[Ppnews] In prison, who knows why?
Political Prisoner News
ppnews at freedomarchives.org
Thu Mar 20 12:08:35 EDT 2008
In prison, who knows why?
Mohammed Omer, The Electronic Intifada, 19 March 2008
GAZA CITY, 19 March (IPS) - You would think the baby boy named Yousef
has his life ahead of him. But who knows, with a child born to
Palestinian parents from Gaza. What's more, Yousef was born in an
He is the only one of Fatima al-Zeq's nine children who is with her
for that reason -- she was arrested nine months ago. But these days
the baby is not with her. He developed stomach pain, began to vomit,
and has been transferred to a hospital inside Hasharon prison in Israel.
Fatima has written to human rights organizations in Gaza asking for
their help in seeing that the baby is looked after, something she
cannot do herself.
Her other children do not know why mother is in prison; the Israelis
haven't told them or the Palestinian authorities. And they declined
to tell IPS. If anything, the Israelis say the arrests are for
According to a Palestinian source, she was arrested because Israeli
authorities suspected she would carry out an attack in Israel,
although no explosives were found on her. Another source suggests
that she was arrested because she is a relative of an Islamic Jihad leader.
Fatima had gone to an Israeli hospital to seek treatment, and had a
permit for it, her family members say. But at the checkpoint they
arrested her and threw her in jail. She joins thousands of
Palestinians inside Israeli jails. Prisoners' families are not always
told why they are in prison, whether they have been charged, or
convicted, and when, if ever, they will be released.
Seven-year-old Jumana Abu Jazar knows all about this. "My mother
died, and I have no brothers and sisters," she says, looping the
string of a picture frame around a rusting nail in her house in Gaza.
"Father is in jail in Israel. He lives there in a dark cell. I saw him once."
Jumana lives with her grandmother Umm Ala'a in the Rafah refugee camp
in the southern Gaza Strip. Umm Ala'a says Jumana's father "was
arrested by Israeli occupation forces in 2001 on his way back through
the Rafah border. He was accompanying his father, who had received
medical treatment abroad. An Israeli judge sentenced him to 18 years in jail."
Again, the family says that they have no idea what crime he
committed. But one thing is clear; he, and so many others arrested,
are not being punished for firing rockets into Israel. Nor have most
of them carried out what Israel considers terrorist attacks.
"His crime is he was Palestinian," Umm Ala'a said. "This is a tax on
life that we all pay."
Many Palestinians are convicted on charges never disclosed, but many
are in Israeli prisons without ever being charged. Ahmad Abu Haniyah,
youth coordinator for the Alternative Information Centre, a
20-year-old project set up jointly by Israeli and Palestinian
journalists, was arrested by the Israelis in May
2005. http://electronicintifada.net/v2/article6899.shtml He was
released in May 2007. The Israelis never told him why he was arrested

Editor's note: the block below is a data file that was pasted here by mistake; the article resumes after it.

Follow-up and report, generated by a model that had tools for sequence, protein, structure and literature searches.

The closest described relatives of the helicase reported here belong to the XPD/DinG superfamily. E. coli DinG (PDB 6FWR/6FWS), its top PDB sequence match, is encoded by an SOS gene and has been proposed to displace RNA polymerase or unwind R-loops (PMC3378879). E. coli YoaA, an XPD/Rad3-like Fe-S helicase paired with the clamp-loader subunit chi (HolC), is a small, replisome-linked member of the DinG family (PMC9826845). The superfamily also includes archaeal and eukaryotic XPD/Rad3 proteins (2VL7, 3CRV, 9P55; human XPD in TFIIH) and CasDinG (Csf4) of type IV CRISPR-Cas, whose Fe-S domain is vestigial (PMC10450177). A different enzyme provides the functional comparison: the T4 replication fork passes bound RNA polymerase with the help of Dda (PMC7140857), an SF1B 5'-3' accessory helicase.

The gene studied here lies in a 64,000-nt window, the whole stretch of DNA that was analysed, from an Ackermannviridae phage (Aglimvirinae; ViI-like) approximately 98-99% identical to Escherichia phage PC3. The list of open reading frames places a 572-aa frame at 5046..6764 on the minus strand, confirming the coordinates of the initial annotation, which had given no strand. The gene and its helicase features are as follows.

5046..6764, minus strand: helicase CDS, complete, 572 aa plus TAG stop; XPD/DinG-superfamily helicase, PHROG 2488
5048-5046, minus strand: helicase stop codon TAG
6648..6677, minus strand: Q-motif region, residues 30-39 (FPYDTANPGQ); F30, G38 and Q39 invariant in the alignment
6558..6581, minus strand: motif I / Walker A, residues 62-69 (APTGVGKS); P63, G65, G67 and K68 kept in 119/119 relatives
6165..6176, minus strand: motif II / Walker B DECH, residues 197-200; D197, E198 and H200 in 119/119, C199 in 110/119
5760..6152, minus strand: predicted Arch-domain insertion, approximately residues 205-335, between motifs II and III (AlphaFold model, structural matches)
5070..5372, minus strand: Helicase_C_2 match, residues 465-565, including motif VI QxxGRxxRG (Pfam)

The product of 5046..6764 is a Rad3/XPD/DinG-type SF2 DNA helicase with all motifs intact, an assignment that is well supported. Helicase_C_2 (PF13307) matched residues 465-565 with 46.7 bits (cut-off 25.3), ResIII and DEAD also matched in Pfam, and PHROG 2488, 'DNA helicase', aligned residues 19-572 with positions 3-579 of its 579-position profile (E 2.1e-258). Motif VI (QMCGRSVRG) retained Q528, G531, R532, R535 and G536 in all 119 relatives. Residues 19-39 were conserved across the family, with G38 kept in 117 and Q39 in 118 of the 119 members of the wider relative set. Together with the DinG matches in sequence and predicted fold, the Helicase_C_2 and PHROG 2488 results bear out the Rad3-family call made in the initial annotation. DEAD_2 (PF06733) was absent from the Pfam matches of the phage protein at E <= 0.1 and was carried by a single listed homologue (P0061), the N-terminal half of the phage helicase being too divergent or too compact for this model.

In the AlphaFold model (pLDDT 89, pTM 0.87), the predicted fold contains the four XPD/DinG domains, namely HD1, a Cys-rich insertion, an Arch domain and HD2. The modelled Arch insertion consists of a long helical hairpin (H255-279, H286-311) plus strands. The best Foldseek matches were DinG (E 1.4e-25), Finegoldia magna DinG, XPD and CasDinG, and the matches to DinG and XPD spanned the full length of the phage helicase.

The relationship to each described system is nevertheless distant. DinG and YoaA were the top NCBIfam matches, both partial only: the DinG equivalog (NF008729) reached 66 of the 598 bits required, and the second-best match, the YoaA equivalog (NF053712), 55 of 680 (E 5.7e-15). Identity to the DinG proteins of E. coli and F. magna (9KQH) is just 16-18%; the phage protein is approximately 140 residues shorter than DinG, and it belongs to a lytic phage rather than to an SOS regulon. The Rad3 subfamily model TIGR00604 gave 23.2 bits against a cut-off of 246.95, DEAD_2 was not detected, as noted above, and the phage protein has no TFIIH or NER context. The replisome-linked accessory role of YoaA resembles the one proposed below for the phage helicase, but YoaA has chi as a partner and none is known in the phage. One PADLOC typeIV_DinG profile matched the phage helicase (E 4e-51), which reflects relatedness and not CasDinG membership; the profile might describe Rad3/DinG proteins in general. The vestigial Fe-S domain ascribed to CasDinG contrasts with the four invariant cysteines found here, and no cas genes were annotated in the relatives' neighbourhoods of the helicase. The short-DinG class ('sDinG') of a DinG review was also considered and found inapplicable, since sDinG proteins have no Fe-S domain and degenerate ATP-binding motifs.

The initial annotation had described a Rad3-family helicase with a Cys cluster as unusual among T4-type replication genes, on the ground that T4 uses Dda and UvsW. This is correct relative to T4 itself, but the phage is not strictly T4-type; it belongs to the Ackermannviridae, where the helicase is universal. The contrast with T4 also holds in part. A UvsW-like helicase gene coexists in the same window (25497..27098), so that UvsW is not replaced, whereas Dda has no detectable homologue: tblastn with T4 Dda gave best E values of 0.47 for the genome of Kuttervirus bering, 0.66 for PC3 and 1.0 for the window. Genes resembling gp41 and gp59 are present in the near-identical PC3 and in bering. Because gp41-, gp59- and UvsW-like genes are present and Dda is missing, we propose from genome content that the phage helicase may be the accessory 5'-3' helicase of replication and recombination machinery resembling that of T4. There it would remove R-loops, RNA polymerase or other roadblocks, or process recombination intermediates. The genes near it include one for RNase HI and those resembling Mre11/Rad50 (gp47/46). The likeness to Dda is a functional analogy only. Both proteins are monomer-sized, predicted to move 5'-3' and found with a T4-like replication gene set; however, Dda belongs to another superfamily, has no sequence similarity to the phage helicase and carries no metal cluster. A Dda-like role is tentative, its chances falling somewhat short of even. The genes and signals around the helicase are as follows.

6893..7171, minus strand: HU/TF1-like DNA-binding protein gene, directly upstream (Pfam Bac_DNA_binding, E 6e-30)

in the first place. He was never charged or tried; the Israelis call
this administrative detention.
By now most Palestinian families know a relative or friend who has
been held in administrative detention.
Israel occasionally releases batches of prisoners as a "goodwill
gesture." This plays well internationally, but these are usually
people close to release date anyway. These gestures benefit few
Palestinians, and fools even fewer.
Atia Abu Mussa has been held in the Nafha desert prison for 14 years
now; he was detained when he was 21. Every Monday friends and
relatives of Atia, along with others, gather outside the office of
the International Red Cross in Gaza to hold a vigil for their loved ones.
"My son has been on hunger strike for a week," says Ramdan al-Baba,
standing outside the Red Cross office. "He worked as a guard at
[former] president Yasser Arafat's compound in Ramallah in 2003. His
crime was that he had that job." The conditions in Israeli prison are
dire, he said. "I can't even send him a letter."
Palestinians find themselves unable to invoke habeas corpus, a
provision under the Geneva Convention by which a state must produce
information on the whereabouts of a person within its jurisdiction.
Israel denies this option on the grounds that it is not necessary for
persons under administrative detention. At the moment 863
Palestinians have been in jail for more than 15 years under such
detention, according to official Palestinian figures.
There are a total of 10,400 Palestinian prisoners in Israeli jails.
These include 90 women and 328 children below the age of 18,
according to the Palestinian Ministry of Detainees and Ex-Detainees.
Forty-six of the prisoners are members of parliament, mostly members of Hamas.
Israeli human rights groups say that security forces called Shin Bet
regularly torture Palestinians in Israeli jails. The two groups
B'Tselem and HaMoked: Centre for Defence of Individuals, tracked 73
prisoners between July 2005 and July 2006. They reported that Shin
Bet routinely uses "beatings, painful binding, back bending, body
stretching and prolonged sleep deprivation" to torture Palestinian prisoners.
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